Patricia Burke Brogan didn’t expect to be on any invitation list during the Taoiseach’s speedy sprint around Galway 10 days ago. With school-opening, job-announcing and protest-dodging to choose from, she might have counted herself lucky to have been spared a piece of his packed itinerary.
Saturday, November 22, 2014
Patricia Burke Brogan says ‘memory of those who suffered’ in former laundry must ‘never be forgotten’
Patricia Burke Brogan at the sculpture by Mick Wilkins to the Magdalene women at Forster Street in Galway city early last year. Photograph: Joe O’Shaughnessy
Still, there were those who anticipated her presence at a very special occasion, when Enda Kenny took pause at 47 Forster Street to plant a silver birch tree. Just over 18 months earlier, he had apologised on behalf of the State for what had happened there and at other locations where young pregnant women and single mothers had led harrowing lives.
“And it’s still in the memory of that very earth,” Burke Brogan says of the suffering endured in the Magdalen laundry beside the Sisters of Mercy convent house, which is to be converted into a refuge for victims of domestic violence.
The Mercy order agreed last year to a 99-year lease on the Forster Street premises, and Kenny’s visit endorsed the Cope Galway agency’s plan for same.
Burke Brogan still remembers the “whiff of Eau de Parfum when, as a young novitiate in black habit, coif and veil, she was ordered to kiss the ruby-ringed hand of her mother superior before being assigned laundry duty.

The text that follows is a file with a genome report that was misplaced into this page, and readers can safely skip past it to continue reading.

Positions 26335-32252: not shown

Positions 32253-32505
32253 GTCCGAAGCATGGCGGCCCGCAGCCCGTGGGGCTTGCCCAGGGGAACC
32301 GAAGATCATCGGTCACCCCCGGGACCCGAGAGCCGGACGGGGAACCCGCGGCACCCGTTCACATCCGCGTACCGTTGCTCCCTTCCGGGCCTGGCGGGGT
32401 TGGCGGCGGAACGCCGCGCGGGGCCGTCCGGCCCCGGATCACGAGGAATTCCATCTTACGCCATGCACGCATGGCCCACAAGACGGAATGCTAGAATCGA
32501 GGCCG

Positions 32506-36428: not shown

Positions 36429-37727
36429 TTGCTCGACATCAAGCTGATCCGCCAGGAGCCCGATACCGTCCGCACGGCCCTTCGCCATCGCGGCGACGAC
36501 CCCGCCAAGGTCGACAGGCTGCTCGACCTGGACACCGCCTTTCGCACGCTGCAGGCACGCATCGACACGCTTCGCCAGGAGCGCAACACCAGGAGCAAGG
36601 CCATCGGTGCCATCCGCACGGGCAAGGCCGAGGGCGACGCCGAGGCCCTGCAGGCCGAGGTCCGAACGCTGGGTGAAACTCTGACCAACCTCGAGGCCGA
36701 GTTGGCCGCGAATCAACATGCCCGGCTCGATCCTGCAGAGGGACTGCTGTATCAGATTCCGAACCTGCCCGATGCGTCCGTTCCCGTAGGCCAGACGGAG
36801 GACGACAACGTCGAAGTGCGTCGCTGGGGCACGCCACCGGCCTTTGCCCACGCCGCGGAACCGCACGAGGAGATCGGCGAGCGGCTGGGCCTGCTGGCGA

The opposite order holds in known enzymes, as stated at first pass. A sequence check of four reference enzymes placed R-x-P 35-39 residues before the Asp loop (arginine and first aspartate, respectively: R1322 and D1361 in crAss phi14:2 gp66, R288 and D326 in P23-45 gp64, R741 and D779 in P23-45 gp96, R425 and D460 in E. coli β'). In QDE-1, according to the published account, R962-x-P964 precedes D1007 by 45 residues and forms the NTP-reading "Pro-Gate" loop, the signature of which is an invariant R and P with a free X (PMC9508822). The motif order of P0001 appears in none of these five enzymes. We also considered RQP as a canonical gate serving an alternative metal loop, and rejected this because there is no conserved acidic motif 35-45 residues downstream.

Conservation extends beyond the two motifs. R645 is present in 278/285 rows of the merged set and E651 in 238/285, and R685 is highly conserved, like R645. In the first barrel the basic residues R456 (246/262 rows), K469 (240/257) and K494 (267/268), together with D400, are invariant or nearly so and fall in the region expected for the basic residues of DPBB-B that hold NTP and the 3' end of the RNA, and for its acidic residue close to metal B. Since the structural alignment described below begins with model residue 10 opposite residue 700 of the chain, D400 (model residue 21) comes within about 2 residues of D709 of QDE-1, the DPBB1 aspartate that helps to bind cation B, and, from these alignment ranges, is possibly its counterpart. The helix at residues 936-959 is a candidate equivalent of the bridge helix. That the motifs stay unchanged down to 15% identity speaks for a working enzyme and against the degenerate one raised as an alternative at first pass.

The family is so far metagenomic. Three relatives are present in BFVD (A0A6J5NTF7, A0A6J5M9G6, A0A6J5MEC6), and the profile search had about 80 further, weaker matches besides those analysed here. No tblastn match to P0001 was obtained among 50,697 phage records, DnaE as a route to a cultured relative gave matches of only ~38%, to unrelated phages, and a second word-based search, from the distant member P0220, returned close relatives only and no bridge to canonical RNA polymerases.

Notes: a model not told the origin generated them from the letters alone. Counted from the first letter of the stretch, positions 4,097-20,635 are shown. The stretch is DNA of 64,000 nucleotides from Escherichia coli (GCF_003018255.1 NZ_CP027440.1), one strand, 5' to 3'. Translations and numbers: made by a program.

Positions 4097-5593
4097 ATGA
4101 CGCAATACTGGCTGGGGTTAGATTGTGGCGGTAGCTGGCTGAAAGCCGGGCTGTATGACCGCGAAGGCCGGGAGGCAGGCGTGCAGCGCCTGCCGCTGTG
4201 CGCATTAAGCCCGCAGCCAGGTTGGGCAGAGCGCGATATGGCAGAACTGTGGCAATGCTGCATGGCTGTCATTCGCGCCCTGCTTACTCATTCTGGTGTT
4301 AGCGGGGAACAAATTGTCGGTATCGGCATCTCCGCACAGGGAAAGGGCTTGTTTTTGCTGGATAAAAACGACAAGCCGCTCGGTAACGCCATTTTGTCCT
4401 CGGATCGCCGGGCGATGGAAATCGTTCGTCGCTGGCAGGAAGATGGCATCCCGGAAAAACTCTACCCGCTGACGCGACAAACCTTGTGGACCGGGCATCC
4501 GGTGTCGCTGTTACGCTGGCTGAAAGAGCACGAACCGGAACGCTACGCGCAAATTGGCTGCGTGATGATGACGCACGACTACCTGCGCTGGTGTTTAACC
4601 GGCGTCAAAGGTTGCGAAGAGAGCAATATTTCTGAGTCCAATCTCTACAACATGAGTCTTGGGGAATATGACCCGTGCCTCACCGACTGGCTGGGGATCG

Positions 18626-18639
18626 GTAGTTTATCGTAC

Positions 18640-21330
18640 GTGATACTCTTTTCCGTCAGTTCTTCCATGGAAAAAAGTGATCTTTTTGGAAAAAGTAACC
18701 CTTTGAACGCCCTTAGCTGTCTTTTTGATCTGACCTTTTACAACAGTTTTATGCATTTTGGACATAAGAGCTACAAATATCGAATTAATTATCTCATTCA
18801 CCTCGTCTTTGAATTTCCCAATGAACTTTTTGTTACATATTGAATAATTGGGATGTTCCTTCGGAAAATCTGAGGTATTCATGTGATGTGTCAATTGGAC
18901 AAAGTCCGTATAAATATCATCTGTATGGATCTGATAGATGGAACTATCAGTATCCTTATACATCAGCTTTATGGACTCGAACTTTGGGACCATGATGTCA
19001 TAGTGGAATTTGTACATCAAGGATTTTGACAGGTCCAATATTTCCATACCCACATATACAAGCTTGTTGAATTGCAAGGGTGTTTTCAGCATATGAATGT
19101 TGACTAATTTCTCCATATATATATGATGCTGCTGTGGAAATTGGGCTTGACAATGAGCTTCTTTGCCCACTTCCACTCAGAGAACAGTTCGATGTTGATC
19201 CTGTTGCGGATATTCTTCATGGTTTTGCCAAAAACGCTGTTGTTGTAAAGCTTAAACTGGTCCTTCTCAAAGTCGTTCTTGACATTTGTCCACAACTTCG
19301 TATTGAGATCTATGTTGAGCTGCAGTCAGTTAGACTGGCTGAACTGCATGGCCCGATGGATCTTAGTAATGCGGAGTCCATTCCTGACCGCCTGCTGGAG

It was a contrast to the very different smells that almost overwhelmed her when she arrived at Forster Street – the stenches of bleach fumes and dirty clothing and steam from “sweating” walls.
The young Clare woman, who had been based with the order across town, had been teaching up until then. The laundry was to be her summer job. As she has written in her recently published autobiography, Memoirs with Grykes and Turloughs, she was told that she was coming to “the richest branch house”.
An Evie Hone stained-glass depiction of Mary Magdalen and a tall chimney belching black smoke were images imprinted on Burke Brogan’s memory as she arrived. She was led through a series of heavy doors with double locks and bolts to a room with prison bars where “elderly women, middle-aged women and young girls” merged with “the grey of womb-like washing machines”.
Her subsequent experience is reflected in her award-winning play, Eclipsed, which she wrote after she left the convent. The laundry was demolished and was replaced by a building that housed Anglo-Irish Bank.
Thanks to Burke Brogan’s lobbying, and that of several fellow residents, a sculpture by Mick Wilkins dedicated to the Magdalen women was unveiled on the site in 2009. She received threats to her personal safety for her efforts.
One nun who had been a novice with her crossed the street when she saw her coming. Yet Burke Brogan still has friends in the order and has distanced herself from attempts to demonise the nuns, given that, as she has pointed out, “families knew and the State let it all happen”.
That’s why she is delighted now about the Cope plan for the domestic violence refuge, as long as, she says, “the memory of those who suffered there” is “never forgotten”.
The homeless agency’s chief executive Jacquie Horan had spent five years looking for a suitable premises when she eventually received the offer from the Mercy sisters. Cope’s existing building at Waterside House in Galway is one of 19 refuges for women and children across the State, and it is the only one open on a 24-hour basis in the western region.